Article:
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Stern said the report aimed to help school administrators deal with the “harder cases,” those in which students express controversial ideas — sometimes based in religious teachings — such as “Homosexuality is a sin.”
“Some people find those sorts of things offensive. Is that bullying? What can school officials do about that?” Stern asked. “The speech is presumably protected unless school officials can show that it is disruptive or that it damages or infringes on the rights of others.”
According to Stern, the AJC issued the report in order to update a 1995 statement to clarify for teachers and parents the religious rights of students in school settings.
On the topic of religious freedom, the earlier report, which was endorsed by the ADL, said that “students have the right to speak to, and attempt to persuade, their peers about religious topics just as they do with regard to political topics. But school officials should intercede to stop student religious speech if it turns into religious harassment aimed at a student or a small group of students.”
Stern said that the spate of religious freedom cases since the earlier report provided further fuel for the new guidelines. He mentioned in particular the 2006 case in which a San Diego area high school student was disciplined for wearing a shirt with the words “Homosexuality is shameful — Romans 1:27” The student wore the shirt the day after a national protest at his school for LGBT rights.
The student sued the school on free-speech grounds, but a federal judge threw out the case, saying that the student’s shirt was disruptive and offensive.
The ADL lashed out against the AJC report, calling the guidelines “ill-conceived” in a letter to Secretary of Education Arne Duncan. It suggested that the AJC’s focus on the tricky line between free speech and harassment might distract attention from the bigger problem of full-blown physical or verbal abuse.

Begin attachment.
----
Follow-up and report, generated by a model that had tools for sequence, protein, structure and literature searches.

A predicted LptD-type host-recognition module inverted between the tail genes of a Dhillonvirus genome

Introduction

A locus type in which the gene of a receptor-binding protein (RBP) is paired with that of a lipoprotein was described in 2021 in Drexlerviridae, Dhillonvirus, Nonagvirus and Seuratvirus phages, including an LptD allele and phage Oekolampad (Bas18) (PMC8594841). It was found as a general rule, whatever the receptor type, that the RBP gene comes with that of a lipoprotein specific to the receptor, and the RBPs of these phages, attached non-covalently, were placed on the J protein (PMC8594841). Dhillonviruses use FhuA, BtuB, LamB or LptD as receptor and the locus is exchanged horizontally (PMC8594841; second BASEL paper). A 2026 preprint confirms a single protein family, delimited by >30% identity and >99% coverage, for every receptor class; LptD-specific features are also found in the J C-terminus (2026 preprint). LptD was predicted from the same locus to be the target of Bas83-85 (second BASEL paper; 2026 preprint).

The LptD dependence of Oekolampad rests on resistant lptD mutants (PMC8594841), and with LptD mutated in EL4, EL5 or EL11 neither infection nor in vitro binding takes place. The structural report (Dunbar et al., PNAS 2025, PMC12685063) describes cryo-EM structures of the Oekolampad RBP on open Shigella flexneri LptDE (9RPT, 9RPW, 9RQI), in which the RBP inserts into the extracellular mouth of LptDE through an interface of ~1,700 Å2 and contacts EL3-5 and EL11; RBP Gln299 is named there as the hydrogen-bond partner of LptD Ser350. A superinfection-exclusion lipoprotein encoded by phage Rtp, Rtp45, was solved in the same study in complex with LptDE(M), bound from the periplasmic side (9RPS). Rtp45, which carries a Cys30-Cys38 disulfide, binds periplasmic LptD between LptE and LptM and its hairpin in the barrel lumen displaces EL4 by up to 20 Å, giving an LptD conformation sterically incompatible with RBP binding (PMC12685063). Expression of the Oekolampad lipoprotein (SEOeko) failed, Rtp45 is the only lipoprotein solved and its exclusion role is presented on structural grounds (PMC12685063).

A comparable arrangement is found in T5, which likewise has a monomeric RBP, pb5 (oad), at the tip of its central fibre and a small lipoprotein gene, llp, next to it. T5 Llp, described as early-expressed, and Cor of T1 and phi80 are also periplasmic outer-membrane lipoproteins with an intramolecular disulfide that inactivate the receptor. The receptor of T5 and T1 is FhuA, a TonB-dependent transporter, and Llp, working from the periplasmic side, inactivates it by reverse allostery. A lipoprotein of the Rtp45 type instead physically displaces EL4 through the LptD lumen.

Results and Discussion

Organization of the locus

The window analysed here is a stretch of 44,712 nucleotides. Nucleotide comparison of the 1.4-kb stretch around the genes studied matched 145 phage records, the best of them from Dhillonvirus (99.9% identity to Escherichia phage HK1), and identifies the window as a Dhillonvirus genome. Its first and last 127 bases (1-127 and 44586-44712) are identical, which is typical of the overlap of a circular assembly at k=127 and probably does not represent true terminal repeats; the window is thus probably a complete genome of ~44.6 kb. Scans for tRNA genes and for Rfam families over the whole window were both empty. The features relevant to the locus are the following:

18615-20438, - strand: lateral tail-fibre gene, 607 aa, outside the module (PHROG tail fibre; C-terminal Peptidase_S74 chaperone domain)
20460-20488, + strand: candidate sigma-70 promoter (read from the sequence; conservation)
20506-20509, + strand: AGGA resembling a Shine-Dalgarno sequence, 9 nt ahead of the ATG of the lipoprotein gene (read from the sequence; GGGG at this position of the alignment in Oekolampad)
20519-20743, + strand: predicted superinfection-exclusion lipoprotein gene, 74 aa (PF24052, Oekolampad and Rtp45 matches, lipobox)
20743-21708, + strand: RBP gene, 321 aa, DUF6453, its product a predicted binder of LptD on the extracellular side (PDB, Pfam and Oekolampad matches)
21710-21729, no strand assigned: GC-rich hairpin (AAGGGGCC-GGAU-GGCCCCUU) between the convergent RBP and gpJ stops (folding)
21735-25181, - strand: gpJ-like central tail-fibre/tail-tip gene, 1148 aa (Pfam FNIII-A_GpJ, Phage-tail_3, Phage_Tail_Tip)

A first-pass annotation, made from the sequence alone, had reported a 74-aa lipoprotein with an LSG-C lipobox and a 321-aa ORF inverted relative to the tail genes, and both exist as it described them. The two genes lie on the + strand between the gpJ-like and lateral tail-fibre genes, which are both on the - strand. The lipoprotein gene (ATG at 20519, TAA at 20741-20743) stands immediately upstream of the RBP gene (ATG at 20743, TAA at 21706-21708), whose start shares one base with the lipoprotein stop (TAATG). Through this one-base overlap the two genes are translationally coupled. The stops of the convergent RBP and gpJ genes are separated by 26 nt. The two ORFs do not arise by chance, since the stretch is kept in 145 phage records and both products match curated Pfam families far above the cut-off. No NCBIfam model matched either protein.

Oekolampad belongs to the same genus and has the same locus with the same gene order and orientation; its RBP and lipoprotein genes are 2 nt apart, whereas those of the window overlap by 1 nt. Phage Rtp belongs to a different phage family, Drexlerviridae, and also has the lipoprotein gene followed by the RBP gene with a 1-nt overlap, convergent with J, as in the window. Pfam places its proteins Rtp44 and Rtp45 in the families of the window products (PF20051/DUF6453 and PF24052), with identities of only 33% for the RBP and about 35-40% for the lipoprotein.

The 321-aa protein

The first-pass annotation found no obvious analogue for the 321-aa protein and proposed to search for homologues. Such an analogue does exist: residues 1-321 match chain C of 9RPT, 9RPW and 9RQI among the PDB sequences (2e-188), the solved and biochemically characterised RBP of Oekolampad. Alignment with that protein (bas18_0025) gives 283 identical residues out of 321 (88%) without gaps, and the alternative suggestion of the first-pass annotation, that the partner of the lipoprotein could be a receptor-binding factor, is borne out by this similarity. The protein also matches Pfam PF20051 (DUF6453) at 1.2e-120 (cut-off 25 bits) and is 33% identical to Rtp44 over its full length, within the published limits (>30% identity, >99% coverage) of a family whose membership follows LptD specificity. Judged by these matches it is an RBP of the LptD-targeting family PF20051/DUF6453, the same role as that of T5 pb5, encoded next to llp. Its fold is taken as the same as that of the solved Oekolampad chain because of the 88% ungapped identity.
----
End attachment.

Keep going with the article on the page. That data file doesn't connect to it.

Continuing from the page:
“Bullying situations very rarely erupt as conflicts over political or religious speech,” the letter stated. “Instead, they much more often involve the intentional targeting of an individual with less physical or social standing for physical or verbal abuse.”
“It could create confusion for schools that are dealing with the serious problem of bullying,” said Deborah Lauter, the ADL’s director of civil rights. Lauter called the report “not necessary,” saying that free-speech protections were already detailed in an October 2010 letter from the Department of Education’s Office for Civil Rights on the topic of religion in public schools.
Both groups say they are engaged in the issue of bullying as part of their broader advocacy work and not out of a particular concern that Jewish students might be the victims.
According to Stern, the AJC sought the input of the Gay, Lesbian and Straight Education Network in formulating the recent guidelines. But in the end, GLSEN did not officially endorse the report.
GLSEN Executive Director Eliza Byard said the group applauds the goals of the document but did not want to endorse it, given the heated political climate around school bullying and religion. Byard mentioned failed attempts to protect religious students from anti-bullying rules in the Tennessee and Louisiana legislatures.
“What we see are some fairly fringe elements trying to misuse religion as a basis for exemption from bullying-prevention protections,” Byard said.
Contact Naomi Zeveloff at firstname.lastname@example.org